Thursday, August 16, 2012

The movie was good, but the poem was better...



So here’s an interesting topic: Movies based on poems.

Yes, they exist. It seems they are few and far between, but a little digging reveals a few prime examples. Of course most that spring to mind live in the epic poem category, but I’m going to go ahead and disqualify those right at the outset. An epic poem is, for all intents and purposes, basically a book. And a book-length work, regardless of its rhyme and meter, ought to contain more than enough plot to fill out a feature film. 

So, while they may be great movies, don’t give me your Troy (the Iliad), your Beowulf (Beowulf), your El Cid (Cantar de Mio Cid) or your Braveheart (The Actes and Deidis of the Illustre and Vallyeant Campioun Schir William Wallace). Neither McKayla nor I am impressed.




Also, spare me the modern retellings like “O, Brother Where Art Thou” (the Oddysey) and the biopics like “Howl” (“Howl.”)- both of which are already disqualified based on length above.

No, I’m talking about relatively short poems, that spin complete yarns, and that have inspired some hungry screenwriter to create movie magic. Here are a few that fit the bill:
The Man From Snowy River,” based on the 1890 poem of the same name, by Australian poet Banjo Paterson. The climax of the poem became the climax of the film- Jim Craig’s lunatic plunge down that impossibly steep gorge on horseback was seared into my five-year-old brain like few movie moments have been before or since.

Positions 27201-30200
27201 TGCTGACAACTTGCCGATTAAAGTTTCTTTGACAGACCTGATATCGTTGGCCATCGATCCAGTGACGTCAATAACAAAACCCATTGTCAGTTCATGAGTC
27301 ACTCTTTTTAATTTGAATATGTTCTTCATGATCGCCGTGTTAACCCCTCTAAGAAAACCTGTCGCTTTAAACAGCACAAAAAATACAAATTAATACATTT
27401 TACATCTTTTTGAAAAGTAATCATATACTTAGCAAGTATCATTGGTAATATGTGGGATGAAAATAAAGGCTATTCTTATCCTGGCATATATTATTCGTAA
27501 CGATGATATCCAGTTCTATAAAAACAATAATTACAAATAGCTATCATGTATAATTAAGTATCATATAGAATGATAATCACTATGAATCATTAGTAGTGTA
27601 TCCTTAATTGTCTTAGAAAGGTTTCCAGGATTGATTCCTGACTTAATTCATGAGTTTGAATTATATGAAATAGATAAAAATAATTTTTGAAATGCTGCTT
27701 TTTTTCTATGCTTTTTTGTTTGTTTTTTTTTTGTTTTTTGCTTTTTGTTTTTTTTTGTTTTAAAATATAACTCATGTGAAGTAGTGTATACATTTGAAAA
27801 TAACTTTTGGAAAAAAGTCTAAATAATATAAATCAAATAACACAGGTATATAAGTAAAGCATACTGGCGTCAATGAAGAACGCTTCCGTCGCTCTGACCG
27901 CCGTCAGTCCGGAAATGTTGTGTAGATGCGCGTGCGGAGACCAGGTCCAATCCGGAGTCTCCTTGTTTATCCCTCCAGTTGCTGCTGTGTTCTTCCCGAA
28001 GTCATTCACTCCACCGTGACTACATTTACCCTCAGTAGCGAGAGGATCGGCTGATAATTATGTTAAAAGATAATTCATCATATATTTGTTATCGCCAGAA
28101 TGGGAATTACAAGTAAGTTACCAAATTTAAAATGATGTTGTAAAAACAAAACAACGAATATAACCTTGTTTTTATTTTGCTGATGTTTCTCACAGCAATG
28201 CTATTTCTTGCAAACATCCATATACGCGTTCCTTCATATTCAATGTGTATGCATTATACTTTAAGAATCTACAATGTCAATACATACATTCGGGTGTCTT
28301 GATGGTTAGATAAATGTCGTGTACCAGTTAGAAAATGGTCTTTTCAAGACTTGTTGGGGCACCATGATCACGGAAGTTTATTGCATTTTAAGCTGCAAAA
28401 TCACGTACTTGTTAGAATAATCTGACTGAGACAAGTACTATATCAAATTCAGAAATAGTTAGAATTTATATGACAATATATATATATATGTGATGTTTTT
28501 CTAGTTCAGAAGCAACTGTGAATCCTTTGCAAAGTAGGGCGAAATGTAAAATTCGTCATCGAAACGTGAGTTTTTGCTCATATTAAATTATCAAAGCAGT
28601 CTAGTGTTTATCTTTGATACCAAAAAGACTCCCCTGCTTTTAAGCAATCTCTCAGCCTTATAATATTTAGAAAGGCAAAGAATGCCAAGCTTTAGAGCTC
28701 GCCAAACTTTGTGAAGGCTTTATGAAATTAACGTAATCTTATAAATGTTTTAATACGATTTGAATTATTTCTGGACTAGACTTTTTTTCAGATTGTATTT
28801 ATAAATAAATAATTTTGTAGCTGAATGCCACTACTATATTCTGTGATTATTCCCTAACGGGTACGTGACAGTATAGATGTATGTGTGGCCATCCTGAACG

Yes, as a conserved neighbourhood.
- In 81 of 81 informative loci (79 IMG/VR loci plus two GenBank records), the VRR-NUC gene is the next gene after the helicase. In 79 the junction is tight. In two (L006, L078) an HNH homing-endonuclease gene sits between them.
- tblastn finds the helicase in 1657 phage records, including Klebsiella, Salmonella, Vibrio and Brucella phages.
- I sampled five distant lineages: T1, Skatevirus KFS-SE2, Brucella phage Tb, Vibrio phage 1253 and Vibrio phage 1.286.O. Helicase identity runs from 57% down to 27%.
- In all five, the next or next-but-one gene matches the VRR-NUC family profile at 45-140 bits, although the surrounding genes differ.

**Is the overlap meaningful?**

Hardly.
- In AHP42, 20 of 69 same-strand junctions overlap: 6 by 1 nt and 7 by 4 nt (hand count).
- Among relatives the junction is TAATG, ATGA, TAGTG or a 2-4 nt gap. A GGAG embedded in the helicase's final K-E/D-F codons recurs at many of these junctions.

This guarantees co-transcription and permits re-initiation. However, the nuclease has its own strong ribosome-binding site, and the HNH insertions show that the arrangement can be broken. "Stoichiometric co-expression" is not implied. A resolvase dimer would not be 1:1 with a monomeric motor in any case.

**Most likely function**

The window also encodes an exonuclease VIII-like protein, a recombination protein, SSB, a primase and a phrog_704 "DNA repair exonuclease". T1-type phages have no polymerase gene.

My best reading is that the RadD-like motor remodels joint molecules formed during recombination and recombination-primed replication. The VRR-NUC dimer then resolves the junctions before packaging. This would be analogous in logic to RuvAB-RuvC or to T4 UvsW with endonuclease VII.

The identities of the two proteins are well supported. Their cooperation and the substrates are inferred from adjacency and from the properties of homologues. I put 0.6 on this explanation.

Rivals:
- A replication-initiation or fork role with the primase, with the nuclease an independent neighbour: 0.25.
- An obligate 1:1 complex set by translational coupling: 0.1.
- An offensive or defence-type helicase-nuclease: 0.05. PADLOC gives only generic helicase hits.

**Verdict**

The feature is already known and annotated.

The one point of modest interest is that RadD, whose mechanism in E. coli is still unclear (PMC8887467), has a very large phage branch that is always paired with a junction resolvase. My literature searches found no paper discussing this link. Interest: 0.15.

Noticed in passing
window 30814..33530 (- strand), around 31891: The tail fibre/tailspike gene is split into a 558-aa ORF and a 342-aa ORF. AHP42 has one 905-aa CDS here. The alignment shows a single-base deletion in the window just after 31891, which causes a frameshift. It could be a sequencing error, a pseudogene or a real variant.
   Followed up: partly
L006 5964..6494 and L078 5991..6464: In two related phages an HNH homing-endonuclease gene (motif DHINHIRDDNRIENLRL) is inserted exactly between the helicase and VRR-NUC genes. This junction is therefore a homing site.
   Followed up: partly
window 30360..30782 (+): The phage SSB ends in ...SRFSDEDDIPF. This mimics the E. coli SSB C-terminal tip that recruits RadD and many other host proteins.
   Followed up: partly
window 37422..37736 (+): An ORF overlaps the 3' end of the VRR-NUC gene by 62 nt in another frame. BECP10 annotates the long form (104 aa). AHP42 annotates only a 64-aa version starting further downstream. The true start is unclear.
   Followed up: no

Gunga Din,” based on the 1892 poem of the same name, by Nobel Laureate Rudyard Kipling. This one’s a “loosely-based,” but the theme of the brave and decent native as compared to the craven British soldiers is true to the original.
The Raven,” based on the 1845 poem of the same name, by drunkard and all-around wierdo Edgar Allen Poe. I haven’t seen this one, so I don’t know how loyal it is to Poe, but it’s a B movie horror-comedy. What more could you really want?
Mulan,” based on “The Ballad of Mulan” a Chinese poem transcribed in the 6th century. I haven’t read this one, and haven’t seen the movie. But I did read the Chick-Fil-A kids meal version to my kids a year or so ago. Does that count?
Which ones did I leave out, readers and movie buffs? What other short poems have made their way to the silver screen?


2 comments:

  1. Gunga Din is designed on a story range with a "split level" character. It is like two different creatures with two different individualities residing within the same body system. Kipling's Gunga

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  2. Desperate and determined to rescue his son at all costs, he makes a deal with the U.S.
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